There are a few main reasons why people forgo vaccines for their kids or for themselves. But by understanding their reasoning, scientists hope to raise the vaccination rate. (Photo: Getty Images)
Health care providers have been trying for years to get more people to vaccinate their kids — and the results have been mixed.
But a new paper published in the journal Policy Insights From the Behavioral and Brain Sciences argues that vaccination rates will improve once physicians and experts target their approach to a person’s reason for not using vaccines.
The paper breaks nonvaccinators into four categories, based on their reasoning:
Complacence: Complacent people don’t care about immunization and tend to exist where vaccine-preventable diseases aren’t viewed as a threat. As a result, they think they don’t need to vaccinate. Complacent people simply aren’t in the habit of vaccinating and don’t vaccinate as a result.
Convenience: This group finds the vaccination process inconvenient in terms of time, affordability, willingness to pay, and proximity to a place that offers vaccinations. While most people in this group agree that vaccination is important, other personal issues seem more important or urgent.
Confidence: People who are distrustful of vaccines because they have incorrect knowledge about them fall into this camp. This group typically is strongly against vaccination and may be affiliated with the antivaccination movement.
Calculation: This group doesn’t have a strong preexisting attitude toward vaccination and extensively researches the pros and cons of the practice. When they read conflicting information, they may become confused and don’t do anything as a result.
Lead study author Cornelia Betsch, a researcher at Germany’s University of Erfurt, tells Yahoo Health that she hopes the categories will help make a difference in increasing vaccine rates.
“The reasons why people do not vaccinate are not created equal,” she says. “Categorizing … highlights that there are different types and psychological profiles that need different kinds of care.”
For people who have lost their confidence in vaccines, for example, there will be a very different need for intervention compared to those who are generally in favor of vaccination but are buried in everyday routines and practical barriers, she says.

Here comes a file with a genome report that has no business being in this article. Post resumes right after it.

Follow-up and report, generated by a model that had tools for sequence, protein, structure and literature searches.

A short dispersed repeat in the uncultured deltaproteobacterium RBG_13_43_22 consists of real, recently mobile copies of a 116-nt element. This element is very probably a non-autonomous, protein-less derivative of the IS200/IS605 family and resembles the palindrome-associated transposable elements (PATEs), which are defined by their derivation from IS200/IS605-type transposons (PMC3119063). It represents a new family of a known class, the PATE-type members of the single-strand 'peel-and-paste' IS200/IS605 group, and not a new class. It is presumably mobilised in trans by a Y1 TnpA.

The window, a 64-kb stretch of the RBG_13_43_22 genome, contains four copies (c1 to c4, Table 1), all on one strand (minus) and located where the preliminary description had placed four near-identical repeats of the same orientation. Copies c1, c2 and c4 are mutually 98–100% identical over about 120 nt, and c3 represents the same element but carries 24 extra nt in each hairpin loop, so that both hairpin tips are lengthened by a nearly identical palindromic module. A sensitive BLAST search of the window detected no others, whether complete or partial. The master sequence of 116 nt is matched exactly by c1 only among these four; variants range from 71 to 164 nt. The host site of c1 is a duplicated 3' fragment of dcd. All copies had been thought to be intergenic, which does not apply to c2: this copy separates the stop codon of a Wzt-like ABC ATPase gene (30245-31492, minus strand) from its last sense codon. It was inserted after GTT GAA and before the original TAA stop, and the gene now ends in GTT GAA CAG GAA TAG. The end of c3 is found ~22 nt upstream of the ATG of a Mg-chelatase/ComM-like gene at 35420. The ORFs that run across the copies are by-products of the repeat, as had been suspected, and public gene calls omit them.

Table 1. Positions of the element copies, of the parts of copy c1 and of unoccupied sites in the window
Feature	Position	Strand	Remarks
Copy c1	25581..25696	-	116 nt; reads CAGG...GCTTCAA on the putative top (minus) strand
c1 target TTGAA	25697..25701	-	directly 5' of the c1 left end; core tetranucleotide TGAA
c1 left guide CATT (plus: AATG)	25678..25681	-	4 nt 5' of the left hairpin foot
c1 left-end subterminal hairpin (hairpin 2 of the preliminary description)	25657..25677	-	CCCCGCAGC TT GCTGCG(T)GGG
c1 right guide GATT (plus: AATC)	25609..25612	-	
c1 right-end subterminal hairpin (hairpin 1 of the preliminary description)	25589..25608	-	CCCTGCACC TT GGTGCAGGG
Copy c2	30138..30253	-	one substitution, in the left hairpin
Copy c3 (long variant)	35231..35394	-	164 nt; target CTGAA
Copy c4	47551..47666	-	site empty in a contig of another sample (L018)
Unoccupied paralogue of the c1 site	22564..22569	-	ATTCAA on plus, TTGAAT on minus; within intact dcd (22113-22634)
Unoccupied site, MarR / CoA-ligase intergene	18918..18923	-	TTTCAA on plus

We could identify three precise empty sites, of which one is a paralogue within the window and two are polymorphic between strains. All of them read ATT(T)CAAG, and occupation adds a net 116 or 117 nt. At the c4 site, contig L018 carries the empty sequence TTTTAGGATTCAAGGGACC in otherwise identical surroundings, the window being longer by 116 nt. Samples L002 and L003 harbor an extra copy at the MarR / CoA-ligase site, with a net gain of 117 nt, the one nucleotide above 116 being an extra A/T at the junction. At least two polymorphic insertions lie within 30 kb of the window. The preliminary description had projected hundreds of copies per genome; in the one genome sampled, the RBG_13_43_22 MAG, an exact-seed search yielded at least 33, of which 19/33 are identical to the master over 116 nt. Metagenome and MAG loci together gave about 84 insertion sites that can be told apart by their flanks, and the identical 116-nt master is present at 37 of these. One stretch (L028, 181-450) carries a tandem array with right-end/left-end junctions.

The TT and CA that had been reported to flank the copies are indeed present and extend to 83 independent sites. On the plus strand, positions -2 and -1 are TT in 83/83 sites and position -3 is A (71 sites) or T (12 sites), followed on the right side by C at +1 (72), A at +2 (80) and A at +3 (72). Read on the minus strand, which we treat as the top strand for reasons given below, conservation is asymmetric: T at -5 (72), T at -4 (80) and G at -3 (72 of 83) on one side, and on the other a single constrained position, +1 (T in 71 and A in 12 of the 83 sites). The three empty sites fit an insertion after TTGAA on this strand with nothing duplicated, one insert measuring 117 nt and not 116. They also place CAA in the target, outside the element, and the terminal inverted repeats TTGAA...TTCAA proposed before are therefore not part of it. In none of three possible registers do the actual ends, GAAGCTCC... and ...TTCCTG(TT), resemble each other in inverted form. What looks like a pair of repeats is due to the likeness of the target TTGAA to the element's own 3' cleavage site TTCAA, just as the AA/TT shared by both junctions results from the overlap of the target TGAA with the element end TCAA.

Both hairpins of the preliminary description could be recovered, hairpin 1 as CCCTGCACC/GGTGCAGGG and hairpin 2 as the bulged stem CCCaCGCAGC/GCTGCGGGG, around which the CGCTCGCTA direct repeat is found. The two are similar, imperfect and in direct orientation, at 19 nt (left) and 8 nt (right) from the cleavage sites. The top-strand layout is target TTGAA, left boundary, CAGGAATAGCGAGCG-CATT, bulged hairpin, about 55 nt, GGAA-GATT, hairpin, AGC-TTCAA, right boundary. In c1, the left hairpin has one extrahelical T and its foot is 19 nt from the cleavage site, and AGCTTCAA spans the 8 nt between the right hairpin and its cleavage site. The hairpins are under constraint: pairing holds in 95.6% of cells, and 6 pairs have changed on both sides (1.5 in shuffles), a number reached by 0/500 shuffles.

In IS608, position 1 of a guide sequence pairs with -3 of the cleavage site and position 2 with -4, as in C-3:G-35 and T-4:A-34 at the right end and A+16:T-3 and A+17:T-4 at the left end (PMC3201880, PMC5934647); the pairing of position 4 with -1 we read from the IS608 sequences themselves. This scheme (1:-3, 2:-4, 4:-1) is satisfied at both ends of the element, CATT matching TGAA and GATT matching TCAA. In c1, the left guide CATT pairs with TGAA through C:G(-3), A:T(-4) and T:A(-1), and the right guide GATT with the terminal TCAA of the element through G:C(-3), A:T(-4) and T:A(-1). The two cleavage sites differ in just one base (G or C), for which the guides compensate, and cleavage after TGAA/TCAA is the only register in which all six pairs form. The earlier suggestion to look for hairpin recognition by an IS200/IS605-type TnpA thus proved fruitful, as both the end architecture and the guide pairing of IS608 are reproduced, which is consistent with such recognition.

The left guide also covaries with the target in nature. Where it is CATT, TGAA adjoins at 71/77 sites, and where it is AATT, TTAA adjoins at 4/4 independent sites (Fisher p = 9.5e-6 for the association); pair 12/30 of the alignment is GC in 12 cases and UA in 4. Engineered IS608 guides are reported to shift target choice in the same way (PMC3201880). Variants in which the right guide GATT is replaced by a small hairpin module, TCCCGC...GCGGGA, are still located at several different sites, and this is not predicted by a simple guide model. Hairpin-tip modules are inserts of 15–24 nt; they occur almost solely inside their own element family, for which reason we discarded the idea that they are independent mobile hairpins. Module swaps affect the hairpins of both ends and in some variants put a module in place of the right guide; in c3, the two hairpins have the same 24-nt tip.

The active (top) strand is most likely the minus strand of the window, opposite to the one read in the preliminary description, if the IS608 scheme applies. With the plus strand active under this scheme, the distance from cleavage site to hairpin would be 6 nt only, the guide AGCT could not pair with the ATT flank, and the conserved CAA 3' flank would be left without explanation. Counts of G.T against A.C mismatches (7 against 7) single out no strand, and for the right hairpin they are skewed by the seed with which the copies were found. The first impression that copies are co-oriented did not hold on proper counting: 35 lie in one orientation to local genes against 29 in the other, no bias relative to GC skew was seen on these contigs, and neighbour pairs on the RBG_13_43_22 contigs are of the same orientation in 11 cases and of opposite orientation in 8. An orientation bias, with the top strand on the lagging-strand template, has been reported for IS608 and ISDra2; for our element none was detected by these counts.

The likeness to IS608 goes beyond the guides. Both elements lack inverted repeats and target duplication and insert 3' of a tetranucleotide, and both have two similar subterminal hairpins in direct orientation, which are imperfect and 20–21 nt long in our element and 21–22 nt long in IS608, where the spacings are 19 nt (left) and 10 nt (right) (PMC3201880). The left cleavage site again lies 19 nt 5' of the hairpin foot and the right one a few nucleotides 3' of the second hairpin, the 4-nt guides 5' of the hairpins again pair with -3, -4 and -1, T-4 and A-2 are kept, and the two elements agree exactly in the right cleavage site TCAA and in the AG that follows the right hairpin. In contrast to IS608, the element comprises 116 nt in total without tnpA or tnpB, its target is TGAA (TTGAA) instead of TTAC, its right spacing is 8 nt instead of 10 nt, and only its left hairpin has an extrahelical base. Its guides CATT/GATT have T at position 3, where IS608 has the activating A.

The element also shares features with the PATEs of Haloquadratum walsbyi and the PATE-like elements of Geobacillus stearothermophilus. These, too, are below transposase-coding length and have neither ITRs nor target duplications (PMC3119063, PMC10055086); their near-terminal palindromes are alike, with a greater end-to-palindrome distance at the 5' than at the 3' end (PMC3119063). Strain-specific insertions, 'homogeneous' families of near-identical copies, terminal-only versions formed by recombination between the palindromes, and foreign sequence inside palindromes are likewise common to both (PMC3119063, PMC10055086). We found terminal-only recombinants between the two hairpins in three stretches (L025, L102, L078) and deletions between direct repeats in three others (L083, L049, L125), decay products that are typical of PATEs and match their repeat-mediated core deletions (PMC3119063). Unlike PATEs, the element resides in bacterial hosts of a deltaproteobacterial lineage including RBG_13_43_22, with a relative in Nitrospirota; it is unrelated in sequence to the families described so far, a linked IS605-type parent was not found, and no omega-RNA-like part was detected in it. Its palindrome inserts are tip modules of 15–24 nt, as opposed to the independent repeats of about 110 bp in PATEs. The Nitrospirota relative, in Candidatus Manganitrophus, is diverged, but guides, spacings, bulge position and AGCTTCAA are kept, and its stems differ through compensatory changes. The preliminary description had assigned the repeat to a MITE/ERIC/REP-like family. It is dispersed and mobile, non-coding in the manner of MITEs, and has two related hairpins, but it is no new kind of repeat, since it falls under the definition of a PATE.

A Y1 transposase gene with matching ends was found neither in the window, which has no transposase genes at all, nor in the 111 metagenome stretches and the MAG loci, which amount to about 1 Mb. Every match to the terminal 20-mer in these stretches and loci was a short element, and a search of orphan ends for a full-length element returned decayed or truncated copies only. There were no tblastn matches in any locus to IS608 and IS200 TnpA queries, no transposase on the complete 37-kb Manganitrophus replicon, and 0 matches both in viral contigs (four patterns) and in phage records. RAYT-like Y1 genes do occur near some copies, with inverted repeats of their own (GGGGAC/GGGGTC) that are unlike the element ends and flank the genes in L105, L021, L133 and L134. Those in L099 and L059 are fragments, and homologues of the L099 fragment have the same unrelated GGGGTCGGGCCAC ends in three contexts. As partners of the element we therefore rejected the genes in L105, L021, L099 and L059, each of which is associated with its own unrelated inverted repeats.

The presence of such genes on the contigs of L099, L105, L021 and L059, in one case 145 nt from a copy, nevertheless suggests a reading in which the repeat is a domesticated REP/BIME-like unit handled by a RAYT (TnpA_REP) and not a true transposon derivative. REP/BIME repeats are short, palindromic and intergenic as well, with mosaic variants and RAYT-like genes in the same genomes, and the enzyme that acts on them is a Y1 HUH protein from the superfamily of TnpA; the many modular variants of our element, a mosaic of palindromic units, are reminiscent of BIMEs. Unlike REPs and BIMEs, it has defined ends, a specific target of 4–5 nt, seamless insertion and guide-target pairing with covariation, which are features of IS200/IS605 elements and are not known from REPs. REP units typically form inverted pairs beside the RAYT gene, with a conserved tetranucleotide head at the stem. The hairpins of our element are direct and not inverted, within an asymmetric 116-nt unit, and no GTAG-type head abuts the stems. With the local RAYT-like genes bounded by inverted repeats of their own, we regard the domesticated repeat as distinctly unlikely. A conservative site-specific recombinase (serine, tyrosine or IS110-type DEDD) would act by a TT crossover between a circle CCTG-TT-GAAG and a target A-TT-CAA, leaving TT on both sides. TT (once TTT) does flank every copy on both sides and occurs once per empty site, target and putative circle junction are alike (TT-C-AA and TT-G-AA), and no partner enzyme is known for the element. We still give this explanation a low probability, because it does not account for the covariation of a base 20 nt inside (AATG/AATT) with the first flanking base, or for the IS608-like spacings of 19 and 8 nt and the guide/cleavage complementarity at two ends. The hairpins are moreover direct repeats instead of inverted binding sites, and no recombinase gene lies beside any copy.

Internist Lawrence Dell, MD, co-founder of Lakes Urgent Care in Michigan, tells Yahoo Health that the categories could be “very helpful” in urging patients to get vaccinated. “By categorizing, we can actually answer concerns or promote improved compliance and increase vaccination among the different groups,” he says.
According to a recent estimate by the Centers for Disease Control and Prevention, more children are being vaccinated in the U.S. than previously thought. The CDC says the current vaccination rates will prevent 322 million illnesses, 21 million hospitalizations, and 732,000 deaths of children born between 1994 and 2013.
But only 71 percent of children received the recommended combined vaccination series (four doses of DTaP; three doses of polio; at least one dose of measles, mumps, and rubella; three to four doses of Haemophilus influenzae Type B; at least three doses of hepatitis B; one dose of chickenpox; and four doses of pneumococcus) which experts say isn’t great.
Betsch says it’s important that doctors understand where their patients are coming from and tailor their approach to vaccination as a result.
For example, patients who struggle with convenience can benefit from being regularly reminded to vaccinate their children. But those who aren’t confident in vaccines may be prompted to take action after a good, informative talk with their doctor.
For complacent patients, Betsch says it may be helpful to hear a story about the disease they’re not vaccinating against to understand how serious it is. And those who calculate may benefit from hearing about the importance of herd immunity, which is the phenomenon that occurs when a large portion of a community is immunized against a contagious disease. (As a result of herd immunity, most people in the community are protected against the disease because there is little chance of an outbreak occurring.)
Dell says he’s seen patients who don’t want to vaccinate their children, but only discovered after talking with them that they had concerns about mercury levels in vaccines (which prompted him to answer questions and help dispel fears). “By addressing these concerns individually, we may see an improvement,” he says.
Betsch says she hopes categorization can help boost vaccination rates, decrease preventable illnesses, and save lives. “Not all people who do not vaccinate have lost confidence in vaccines and the system that delivers them,” says Betsch. “We want to emphasize that there may be a lot of potentially successful interventions to increase coverage without forcing people to vaccinate.”
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